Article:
Whether you're interested in the smaller business community, are planning to start a business or have an existing business, we have a package for you.
Our most popular package is FSB Business Essentials which includes a whole range of benefits and products designed to make your business fly
A suite of legal benefits including a dedicated helpline, bundled insurance products and a range of online information to keep your business safe. Plus a whole range of negotiated benefits to help save you money and win business.
Our Business Creation package is designed to make starting a business simpler, allowing you time to focus on what's important - making it a success.
Specialist company formation benefits, access to FSB networking, business banking and a range of products to help get you setup in business.
Joining FSB Connect is free and is a great way to be part of the FSB Community and have your voice heard.
You'll be able to access specialist networking events with like-minded members of the community and have your say in our Big Voice survey panel.
Whatever your circumstances, we have a package to suit you and your business. Click the button below to see which benefits are included in each package and start your FSB journey.
'Within a few weeks of joining we'd taken advantage of FSB’s Online Legal Documents. We started a graduate programme and access to these documents gave us an understanding of the legal side, and has helped us to create a number of processes and procedures.'
'When we first took on a member of staff, we used the online legal document template library. FSB does more important stuff than you think it does, there are lots of member benefits, probably more than we actually use.'
'Having somebody like FSB behind you is fantastic. There is a whole team behind the organisations, whatever is required: support, advice, finance, you know that you’re not alone, you’ve got FSB.'
We represent a diverse range of businesses from retailers to marketing agencies and just about everything in between. Take a look at more member stories and see how we could help your business fly.
More Member Stories
We offer three packages to suit your business needs. Joining FSB Connect is free, our Business Essentials package starts at £172.50 in the first year and our specialist Business Creation package has an introductory price of £99 in the first year.
Small business owners will inevitably need to have tough talks with employees from time to time. How you approach such meetings can have a big impact on the outcome, says David Kentish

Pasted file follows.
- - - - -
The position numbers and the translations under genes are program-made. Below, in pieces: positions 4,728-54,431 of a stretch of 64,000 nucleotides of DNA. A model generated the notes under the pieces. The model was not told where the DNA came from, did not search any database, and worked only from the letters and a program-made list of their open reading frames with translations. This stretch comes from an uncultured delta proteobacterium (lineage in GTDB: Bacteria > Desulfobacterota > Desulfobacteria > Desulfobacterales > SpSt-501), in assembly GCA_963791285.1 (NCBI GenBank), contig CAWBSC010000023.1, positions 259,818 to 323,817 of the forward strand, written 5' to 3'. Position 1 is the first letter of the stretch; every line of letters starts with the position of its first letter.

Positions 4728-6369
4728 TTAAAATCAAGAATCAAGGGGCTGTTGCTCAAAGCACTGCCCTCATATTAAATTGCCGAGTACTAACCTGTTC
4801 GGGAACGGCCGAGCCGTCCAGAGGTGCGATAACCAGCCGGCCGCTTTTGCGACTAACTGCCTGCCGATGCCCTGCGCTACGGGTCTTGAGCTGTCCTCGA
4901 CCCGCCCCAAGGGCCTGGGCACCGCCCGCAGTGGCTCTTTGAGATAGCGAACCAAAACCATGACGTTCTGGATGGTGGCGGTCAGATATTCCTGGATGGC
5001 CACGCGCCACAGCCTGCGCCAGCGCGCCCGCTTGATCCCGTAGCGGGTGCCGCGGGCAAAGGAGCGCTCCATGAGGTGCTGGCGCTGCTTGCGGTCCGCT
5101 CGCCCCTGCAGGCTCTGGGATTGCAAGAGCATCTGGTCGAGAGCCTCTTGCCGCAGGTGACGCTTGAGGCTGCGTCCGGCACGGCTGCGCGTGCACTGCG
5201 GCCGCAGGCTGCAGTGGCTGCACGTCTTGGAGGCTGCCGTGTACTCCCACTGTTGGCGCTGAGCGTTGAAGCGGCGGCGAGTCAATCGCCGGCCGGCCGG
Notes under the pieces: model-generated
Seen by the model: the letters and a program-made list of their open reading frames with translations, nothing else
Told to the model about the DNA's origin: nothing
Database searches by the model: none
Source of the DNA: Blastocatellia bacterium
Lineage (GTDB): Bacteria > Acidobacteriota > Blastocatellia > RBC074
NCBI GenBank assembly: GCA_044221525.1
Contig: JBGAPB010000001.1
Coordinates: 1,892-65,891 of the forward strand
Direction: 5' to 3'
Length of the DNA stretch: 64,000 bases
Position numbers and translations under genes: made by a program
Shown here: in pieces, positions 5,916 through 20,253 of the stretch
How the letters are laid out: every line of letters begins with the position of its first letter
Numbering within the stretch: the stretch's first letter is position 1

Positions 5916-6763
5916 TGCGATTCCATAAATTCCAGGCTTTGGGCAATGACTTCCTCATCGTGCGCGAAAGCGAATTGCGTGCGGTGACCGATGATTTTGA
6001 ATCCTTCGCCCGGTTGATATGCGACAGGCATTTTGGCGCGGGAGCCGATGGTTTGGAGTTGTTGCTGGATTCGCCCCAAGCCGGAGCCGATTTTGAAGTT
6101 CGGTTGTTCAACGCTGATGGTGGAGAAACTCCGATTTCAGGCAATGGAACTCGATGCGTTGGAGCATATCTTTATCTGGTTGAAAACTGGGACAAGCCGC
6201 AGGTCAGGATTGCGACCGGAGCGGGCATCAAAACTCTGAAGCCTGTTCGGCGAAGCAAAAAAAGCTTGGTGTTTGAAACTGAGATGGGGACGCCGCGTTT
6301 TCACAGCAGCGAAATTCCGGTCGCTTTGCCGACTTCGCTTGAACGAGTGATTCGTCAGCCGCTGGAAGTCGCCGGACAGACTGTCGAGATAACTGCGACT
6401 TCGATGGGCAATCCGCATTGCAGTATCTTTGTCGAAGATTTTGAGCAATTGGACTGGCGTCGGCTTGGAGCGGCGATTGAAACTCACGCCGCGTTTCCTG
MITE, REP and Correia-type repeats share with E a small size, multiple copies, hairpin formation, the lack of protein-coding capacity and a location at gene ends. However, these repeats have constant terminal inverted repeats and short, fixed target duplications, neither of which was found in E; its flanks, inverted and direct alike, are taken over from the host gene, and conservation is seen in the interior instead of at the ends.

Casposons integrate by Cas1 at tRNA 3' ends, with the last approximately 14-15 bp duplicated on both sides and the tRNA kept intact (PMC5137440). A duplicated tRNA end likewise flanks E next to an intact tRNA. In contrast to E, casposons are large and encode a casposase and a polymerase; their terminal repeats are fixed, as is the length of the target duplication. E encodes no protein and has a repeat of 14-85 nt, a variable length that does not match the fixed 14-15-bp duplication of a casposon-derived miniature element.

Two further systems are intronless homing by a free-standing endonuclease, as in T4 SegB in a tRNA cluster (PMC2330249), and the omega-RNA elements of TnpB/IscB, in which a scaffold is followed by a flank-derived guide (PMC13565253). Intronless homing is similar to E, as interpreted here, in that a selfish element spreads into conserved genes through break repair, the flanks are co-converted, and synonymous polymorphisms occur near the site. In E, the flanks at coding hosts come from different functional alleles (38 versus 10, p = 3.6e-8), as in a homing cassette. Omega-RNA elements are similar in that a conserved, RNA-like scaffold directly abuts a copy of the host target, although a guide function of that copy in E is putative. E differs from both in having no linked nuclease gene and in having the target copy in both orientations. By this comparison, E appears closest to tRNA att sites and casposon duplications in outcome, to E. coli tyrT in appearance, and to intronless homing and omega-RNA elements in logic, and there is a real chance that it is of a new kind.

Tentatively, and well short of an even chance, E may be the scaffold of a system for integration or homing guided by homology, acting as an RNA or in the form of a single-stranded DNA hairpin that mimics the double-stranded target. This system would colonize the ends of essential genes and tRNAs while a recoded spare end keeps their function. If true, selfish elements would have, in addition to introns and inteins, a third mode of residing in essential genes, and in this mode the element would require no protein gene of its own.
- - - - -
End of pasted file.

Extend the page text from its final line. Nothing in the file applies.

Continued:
Nobody feels good about having a difficult conversation. I’ve had to have them over the years and people have had to have them with me. It’s part of working life. No one enjoys being on either side of the desk. However, consider the consequences of not having a difficult conversation. The problem festers and can start to affect other people in the company, and even the bottom line.
There are all sorts of difficult conversations at work, from dealing with a subordinate to talking through an issue with a partner or client. Some cases – such as redundancies or disciplinary issues – may require the presence of an HR person, but often taking such a formal approach isn’t appropriate.
Here are some practical ways of approaching a difficult conversation and helping to ensure a positive outcome.
Finding somewhere private to talk is important as you don’t want to have difficult conversations in the open. If you are instigating the conversation you need to be able to control it, especially if you work in an open-plan environment where people might be walking past and hear parts of the conversation, or stop to chat. So plan ahead, and book an appropriate meeting room. To ensure privacy it may be wise to book a room on another floor or away from the immediate team.
With any scenario, get straight to the point – don’t indulge in small talk. Otherwise, the person may think this is a ‘normal’ conversation. It’s essential to take the most direct approach. So start the conversation with, for example, “the reason I’ve called you in here today is to talk about your timekeeping” or “the reason I’ve called you in here today is because there is a problem with…”
Outline the issue and give the person space to respond. For example, if someone is regularly coming into work late, find out what the individual issues are and take it from there. Don’t just launch in with what you’ve seen at face value without finding out the reasons. This individual might need some help because of a recent personal problem, and as an employer you have a duty of care to offer support if warranted. If there aren’t any underlying reasons, go straight back to the issue and the consequences to the employee if it is not resolved.
Difficult conversations normally focus on behaviour. What you say may be taken personally, so relate it to the effect it is having on the business or other people. Don’t make wild accusations or get personal.
People react very differently if they feel they are being criticised. Some will apologise and promise to change, or suggest ways to improve the situation. Others might get angry and start making counter-criticisms or accusations. Still others will get upset. Whatever happens, stay calm. If a person is shouting, keep your voice level normal. If they stand up, remain seated unless you are under physical threat. A box of tissues handed to a person who is upset shows support, helps to get over awkwardness and gives them time to compose themselves.
A wealth of important information and advice, available online in-case you face dismissal or discrimination claims and employment tribunals.
National Federation of Self Employed & Small Businesses LimitedSir Frank Whittle Way / Blackpool / FY4 2FE. National Federation of Self Employed & Small Businesses Limited (FSB) is registered in England, number 1263540